Christians Sue Hawaii Over Mandatory Abortion Referrals

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by Stephen Wynne  •  •  July 19, 2017   

Non-compliance can result in $500 for first offense and $1,000 for each subsequent offense

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HONOLULU ( - Hawaii's pregnancy resource centers are fighting to block a law that would require them to refer clients for birth control and abortions. Failure to comply would result in hefty fines.

Submitted by the state's Women's Legislative Caucus and signed into law by Gov. David Ige, and backed by Planned Parenthood, SB 501 mandates that "limited service" pregnancy centers notify women that Hawaii offers public programs providing "immediate free or low-cost access to comprehensive family planning services, including, but not limited to, all FDA-approved methods of contraception and pregnancy-related services for eligible women."

The measure also compels pregnancy centers to notify women of a website offering information on these "family planning" services. And while the disclaimer does not explicitly mention abortion, Hawaii's Medicaid program lists it as one of its services.

Noncompliant centers can be fined $500 for a first-time violation and $1,000 for each subsequent offense.

According to Hawaii state representative Della Au Belatti, the measure was introduced out of concern that women seeking help from pregnancy resource centers were not being told about the full range of health service options on offer. She applauded SB 501 for guaranteeing information on "comprehensive family services."

An earlier version of the bill included "abortion services" in its definition of "comprehensive family services," but after pro-life pushback, "abortion services" was replaced with "pregnancy-related services."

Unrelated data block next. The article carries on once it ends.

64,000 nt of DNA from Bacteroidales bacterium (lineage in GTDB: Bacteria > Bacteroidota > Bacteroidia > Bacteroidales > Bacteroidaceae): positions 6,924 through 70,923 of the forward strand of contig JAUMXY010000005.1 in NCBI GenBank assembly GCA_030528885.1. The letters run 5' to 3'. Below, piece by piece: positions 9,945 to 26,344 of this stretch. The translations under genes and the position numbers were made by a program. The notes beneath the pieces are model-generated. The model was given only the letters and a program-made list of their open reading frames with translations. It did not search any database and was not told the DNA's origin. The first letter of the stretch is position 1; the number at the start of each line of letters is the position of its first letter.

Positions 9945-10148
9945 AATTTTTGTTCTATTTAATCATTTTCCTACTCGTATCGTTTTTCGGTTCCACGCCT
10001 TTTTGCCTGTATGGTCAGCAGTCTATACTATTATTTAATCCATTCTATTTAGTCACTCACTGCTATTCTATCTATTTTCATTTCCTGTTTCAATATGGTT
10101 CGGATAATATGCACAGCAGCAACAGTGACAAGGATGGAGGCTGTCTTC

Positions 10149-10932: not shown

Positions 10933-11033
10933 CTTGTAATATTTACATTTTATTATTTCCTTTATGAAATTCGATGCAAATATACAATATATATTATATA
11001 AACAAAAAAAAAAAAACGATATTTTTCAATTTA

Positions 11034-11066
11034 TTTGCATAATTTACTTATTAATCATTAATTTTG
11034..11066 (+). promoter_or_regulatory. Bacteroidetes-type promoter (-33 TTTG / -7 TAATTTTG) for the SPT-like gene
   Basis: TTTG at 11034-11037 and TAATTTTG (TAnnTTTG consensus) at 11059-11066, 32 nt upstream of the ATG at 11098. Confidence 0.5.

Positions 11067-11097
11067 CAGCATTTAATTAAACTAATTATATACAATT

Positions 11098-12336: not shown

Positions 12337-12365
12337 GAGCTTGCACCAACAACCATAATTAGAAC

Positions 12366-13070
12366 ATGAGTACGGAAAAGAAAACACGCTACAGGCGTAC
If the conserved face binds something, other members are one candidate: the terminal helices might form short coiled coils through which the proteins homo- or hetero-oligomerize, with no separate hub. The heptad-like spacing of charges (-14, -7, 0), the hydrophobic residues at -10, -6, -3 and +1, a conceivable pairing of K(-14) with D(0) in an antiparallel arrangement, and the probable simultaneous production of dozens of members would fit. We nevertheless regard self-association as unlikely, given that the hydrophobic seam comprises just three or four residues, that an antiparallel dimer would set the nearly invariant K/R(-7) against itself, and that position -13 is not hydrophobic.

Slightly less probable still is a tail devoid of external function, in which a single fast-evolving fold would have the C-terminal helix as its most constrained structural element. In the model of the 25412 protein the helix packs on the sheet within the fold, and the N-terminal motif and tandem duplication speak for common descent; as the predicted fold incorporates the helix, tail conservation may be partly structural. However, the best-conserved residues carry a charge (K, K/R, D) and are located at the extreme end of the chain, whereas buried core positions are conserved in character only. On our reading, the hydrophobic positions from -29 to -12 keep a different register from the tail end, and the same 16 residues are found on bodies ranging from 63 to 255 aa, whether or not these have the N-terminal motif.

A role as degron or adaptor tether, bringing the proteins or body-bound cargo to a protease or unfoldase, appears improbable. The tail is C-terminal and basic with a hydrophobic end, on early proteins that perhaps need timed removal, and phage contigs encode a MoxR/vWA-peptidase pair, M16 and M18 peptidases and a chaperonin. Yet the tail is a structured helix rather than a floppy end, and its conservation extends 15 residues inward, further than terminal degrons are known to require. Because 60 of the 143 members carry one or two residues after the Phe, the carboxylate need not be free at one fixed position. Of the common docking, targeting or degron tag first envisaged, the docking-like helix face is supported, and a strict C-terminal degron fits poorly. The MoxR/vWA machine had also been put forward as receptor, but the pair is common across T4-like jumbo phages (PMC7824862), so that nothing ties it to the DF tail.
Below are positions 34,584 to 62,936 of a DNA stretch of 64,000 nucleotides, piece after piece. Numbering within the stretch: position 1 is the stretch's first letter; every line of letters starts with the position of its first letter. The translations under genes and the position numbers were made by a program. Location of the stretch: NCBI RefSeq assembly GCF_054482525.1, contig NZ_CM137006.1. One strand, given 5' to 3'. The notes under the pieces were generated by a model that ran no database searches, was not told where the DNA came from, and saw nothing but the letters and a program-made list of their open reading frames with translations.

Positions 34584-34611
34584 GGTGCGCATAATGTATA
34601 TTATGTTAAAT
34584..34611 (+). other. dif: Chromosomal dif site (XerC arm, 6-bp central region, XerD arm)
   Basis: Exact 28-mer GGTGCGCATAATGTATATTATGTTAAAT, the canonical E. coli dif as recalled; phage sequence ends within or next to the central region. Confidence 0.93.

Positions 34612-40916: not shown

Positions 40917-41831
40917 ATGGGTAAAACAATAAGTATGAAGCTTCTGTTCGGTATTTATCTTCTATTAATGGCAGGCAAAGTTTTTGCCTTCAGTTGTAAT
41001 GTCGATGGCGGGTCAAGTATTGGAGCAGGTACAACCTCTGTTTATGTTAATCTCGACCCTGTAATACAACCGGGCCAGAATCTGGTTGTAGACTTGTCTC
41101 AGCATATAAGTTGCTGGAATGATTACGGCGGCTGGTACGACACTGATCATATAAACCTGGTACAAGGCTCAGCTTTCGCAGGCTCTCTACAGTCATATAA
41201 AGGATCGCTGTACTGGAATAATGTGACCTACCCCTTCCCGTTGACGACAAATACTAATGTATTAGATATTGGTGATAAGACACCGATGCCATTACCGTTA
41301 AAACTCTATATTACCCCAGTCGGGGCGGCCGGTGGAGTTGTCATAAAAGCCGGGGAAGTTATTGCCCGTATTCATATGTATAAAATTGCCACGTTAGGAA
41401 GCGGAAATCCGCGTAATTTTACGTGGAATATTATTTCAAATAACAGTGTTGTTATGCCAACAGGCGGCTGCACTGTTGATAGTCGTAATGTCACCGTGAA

In response, the Alliance Defending Freedom (ADF) has filed a lawsuit on behalf of six pregnancy resources centers associated with the National Institute of Family and Life Advocates (NIFLA).

"It appears that this law directly targets Hawaii's pro-life pregnancy centers," ADF notes. SB 501 specifies that "limited service" facilities must comply, but it exempts facilities offering "comprehensive health care" from the mandate, i.e., centers already offering contraception or abortion.

ADF argues that SB 501 is unconstitutional because it violates the centers' rights to free speech and exercise of religion, and the right of due process because the law provides no appeal process for centers slapped with a noncompliance penalty. 

Hawaii's pregnancy resource centers exist "to care for the women who walk through the door and their unborn babies, not to promote a procedure that threatens psychological and physical harm to the mother and ends the baby's life," ADF said in a statement on its website. 

"For pregnancy centers dedicated to promoting life, this completely undermines their mission. And it violates their right not to be compelled to speak a message that contradicts their faith," it added.

NIFLA has strongly condemned SB 501. In April, it issued a statement, lamenting

State sponsored anti-life activists are so in love with abortion that they want to suppress the free speech rights of pro-life pregnancy centers in Hawaii and force them to become abortion referral agencies. They cannot tolerate the existence of life-affirming pregnancy centers that give mothers contemplating abortion hope and support as they are empowered to choose life.

SB 501 is backed by Planned Parenthood Votes Northwest and Hawaii, and opposed by the Catholic Church in the State of Hawaii and the Hawaii Family Forum. 


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